Thursday, July 30, 2009

Shinchuu

It has been a busy week at Espero Heights (the name of our apartment) and so not much picture-taking has happened. Ryan has been really busy with interviews, doing some proofreading work and taking Japanese lessons at the community center. The lessons are with an old friend of Todd's from when he was here. Ryan says his brain is just fried by the end of each lesson, so I think they are working. Already he can read the two kinds of kana, so he can read menus and signs and help us navigate. He's also learning a bunch of kanji. I've got to say that kanji are (is?) absurdly difficult. Yesterday I was designing some parts for our set-up and, although it is probably my favorite part about experimental work, the task was particularly daunting. Not only are the standards for a precise design extremely high here (you could have chicken scratch on a napkin and the machine guys at Brown would make it for you, no problem), but I have to write all the notes in the columns in Japanese so that the machinist can build them.

I obviously don't know how to do that, so I meticulously copied all the kanji (for words like brass, teflon, diameter etc.) from my boss's previous drawings. Well, the result (left) had her giggling wildly. She didn't actually change any of my attempts, so they must have been close enough to read, but man they must have looked like a child with a crayon wrote them or something to her (what do you think?) And somehow she can tell the order (the incorrect order, that is) in which I wrote the marks. It's really beyond me, but I'll keep trying. At least she gets a kick out of it.

Speaking of getting a kick out of things, I have to say, I'm really loving my job right now. There I said it. Maybe it's because I found out about the free espresso in the next building over and I'm sipping it while eating some yummy green tea cookies, but I am just all blissed out over here. I've got a cool project, a really nice boss, there is enough familiar about what I'm doing that I can feel slightly confident, yet enough new that I'm challenged by something every day. Today, life at Todai is pretty damn sweet.

Saturday, July 25, 2009

A day at the beach

So last weekend was ocean appreciation holiday; to celebrate, Marianna and I went to the beach. I took no less than a subway and 3 trains (a cool station from which is below) to reach Yokohama and Marianna, then together we made our way on another train to Zushi beach.
The beach wasn't very remarkable I guess. The waves were small, but people were capitalizing on that fact and doing a lot of windsurfing. Several such classes were conducted during the time we were there. The one noteworthy thing from this photo below is that the lifeguards (at left) wear these funny red and gold hot-dog-on-a-stick-style beanies.
At Zushi there are all of these little huts offering changing stations, cold drinks and sometimes food. Apparently the huts go up around June and come down at the end of the summer. I found this one particularly appealing because of its climbing wall (outside wall of the bldg) and tightrope. It also had Hawaiian lounge singers playing inside.

In addition to the climbing, we spent the day perusing Marianna's stack of Us and People magazines, eavesdropping on all the American servicemen from the local base trying to pick up girls and watching the lifeguards (below, bringing in their 4-seater Sea-doo) go through their extensive routine of clean up and training (complete with an hour of mock-rescues, in and out of the water). We ended up staying for a good 7 hours, both of us getting pretty burnt from the deceptive overcast sky.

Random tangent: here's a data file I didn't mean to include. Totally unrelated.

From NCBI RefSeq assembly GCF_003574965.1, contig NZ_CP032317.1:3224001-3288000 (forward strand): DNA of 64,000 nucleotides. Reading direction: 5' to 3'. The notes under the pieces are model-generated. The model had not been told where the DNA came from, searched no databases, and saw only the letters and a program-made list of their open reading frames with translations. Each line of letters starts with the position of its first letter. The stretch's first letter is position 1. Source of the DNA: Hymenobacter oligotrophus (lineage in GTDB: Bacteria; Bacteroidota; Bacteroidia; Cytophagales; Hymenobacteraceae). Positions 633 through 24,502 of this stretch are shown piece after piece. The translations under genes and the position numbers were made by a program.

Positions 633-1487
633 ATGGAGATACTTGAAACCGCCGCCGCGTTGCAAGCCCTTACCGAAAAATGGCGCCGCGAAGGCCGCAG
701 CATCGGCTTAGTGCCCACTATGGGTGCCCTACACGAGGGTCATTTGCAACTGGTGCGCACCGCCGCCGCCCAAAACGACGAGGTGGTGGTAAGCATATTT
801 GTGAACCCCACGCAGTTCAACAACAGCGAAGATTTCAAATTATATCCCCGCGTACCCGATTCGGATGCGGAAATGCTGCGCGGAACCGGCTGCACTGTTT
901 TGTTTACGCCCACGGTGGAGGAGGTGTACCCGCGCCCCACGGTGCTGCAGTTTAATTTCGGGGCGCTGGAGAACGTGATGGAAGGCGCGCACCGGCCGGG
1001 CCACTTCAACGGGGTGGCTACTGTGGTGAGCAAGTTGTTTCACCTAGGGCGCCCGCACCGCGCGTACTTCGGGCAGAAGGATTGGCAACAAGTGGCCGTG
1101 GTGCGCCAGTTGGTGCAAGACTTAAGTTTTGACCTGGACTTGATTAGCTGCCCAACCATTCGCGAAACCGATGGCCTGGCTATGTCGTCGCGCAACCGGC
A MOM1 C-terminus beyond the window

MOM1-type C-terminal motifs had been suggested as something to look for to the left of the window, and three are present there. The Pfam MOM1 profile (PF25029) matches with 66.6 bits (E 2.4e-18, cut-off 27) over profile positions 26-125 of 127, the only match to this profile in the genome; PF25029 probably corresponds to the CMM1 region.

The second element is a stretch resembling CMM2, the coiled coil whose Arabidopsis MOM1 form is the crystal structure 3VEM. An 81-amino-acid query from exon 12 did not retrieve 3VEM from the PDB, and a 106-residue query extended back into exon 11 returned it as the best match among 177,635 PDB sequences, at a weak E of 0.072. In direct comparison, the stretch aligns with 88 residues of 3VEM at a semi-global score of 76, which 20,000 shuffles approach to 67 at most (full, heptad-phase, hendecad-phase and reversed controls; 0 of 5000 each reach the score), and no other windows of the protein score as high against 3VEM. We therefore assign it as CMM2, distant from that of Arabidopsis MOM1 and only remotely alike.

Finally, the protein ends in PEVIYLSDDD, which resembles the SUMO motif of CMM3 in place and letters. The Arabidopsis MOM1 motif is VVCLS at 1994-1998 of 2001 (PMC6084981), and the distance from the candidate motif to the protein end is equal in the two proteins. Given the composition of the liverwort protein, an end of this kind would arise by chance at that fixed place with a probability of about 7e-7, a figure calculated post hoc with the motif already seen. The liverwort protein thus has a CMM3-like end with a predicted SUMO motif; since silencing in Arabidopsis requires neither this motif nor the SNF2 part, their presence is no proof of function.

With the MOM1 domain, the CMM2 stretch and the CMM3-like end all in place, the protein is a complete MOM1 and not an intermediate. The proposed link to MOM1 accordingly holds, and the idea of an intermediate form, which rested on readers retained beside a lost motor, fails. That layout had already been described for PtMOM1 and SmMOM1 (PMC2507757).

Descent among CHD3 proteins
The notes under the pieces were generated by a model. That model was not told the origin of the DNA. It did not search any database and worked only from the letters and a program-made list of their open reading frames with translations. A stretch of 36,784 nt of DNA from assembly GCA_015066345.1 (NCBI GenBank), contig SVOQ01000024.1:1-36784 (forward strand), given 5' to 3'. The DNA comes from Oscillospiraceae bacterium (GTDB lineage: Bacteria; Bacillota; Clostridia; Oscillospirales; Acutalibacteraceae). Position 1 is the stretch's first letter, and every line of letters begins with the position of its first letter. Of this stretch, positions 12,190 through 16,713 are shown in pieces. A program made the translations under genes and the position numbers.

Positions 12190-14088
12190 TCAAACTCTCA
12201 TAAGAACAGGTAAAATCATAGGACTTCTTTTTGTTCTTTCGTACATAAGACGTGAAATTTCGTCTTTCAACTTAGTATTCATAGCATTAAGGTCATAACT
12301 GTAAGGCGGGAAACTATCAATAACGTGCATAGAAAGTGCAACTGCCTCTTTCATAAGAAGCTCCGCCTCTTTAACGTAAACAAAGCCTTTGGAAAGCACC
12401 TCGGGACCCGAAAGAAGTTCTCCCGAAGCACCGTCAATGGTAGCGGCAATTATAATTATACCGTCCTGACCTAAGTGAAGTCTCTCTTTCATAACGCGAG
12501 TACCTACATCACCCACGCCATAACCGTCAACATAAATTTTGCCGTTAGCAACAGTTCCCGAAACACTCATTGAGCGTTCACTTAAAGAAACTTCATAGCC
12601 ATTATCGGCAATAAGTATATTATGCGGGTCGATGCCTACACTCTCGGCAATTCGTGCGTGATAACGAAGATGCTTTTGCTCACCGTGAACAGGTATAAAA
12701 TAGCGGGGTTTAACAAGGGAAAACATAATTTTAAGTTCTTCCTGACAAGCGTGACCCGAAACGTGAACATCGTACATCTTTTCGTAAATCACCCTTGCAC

Tuesday, July 21, 2009

Another Festival

There are a lot of matsuri festivals about town. These shots are from Mitama Matsrui, just north of the imperial grounds. This one had a tremendously long procession of food stalls, the entertainment included a kind of haunted house and some carnival type performances off to one side. There were also more traditional dance performances in a central spot of the thoroughfare.

I couldn't get any shot that shows the scope of how far the lanterns and stalls went along. To give some idea: There is a statue at the farthest point visible in this pic, which 2 pics down is shown from the other side of the route.

Several of these portable shrines, holding spirits or some-such, were the highlight it seemed. You can sort of make out a troupe of women carrying this one. They were very slowly walked from one end to the temple amidst quite a throng of people. I was exhausted getting through the crowds carrying nothing.


Don't think I've ever seen skylights pointed at people. I think we understood that you can make a donation to sponsor a lantern and get your name on it (bit unsure about this).
...but the sponsorship thing is definitely true for these smaller ones. People seemed to be tracking down a particular lantern and taking a photo with it. We are just faking it.

Saturday, July 18, 2009

Tokyo Tower and Zojo-ji

Made a quick trip to Azabu-Juban and Roppongi area. Didn't have a lot of time but hustled to some things I could see on the map.

This is Tokyo Tower, which is an Eiffel Tower knock-off of sort; there's also an Empire State Building knock-off in town.
Zojo-ji (Temple of the Tokugawa family) with tower in background. Not a great time of day to get any detail in photos.

Small graveyard behind the temple. Some Tokugawa shoguns buried here apparently.

And these little dudes! 0.o
Ok, the number of pics here is probably overkill, but... They all have the crocheted hats and little bibs in various stages of new->disintegration; they are i think 5 rows deep; and, they line a huge perimeter. Each has a little pinwheel. Some of the elements can be accounted for by the fact that these have to do with protecting children. Nevertheless, I found it to be pretty strange stuff for a 'sacred' site.


Friday, July 17, 2009

Some shots at Ueno Park

Went to Ueno Park, which is fairly nearby. The park/area is home to many of Tokyo's museums, non of which we have checked out yet.
Temple and covered lake.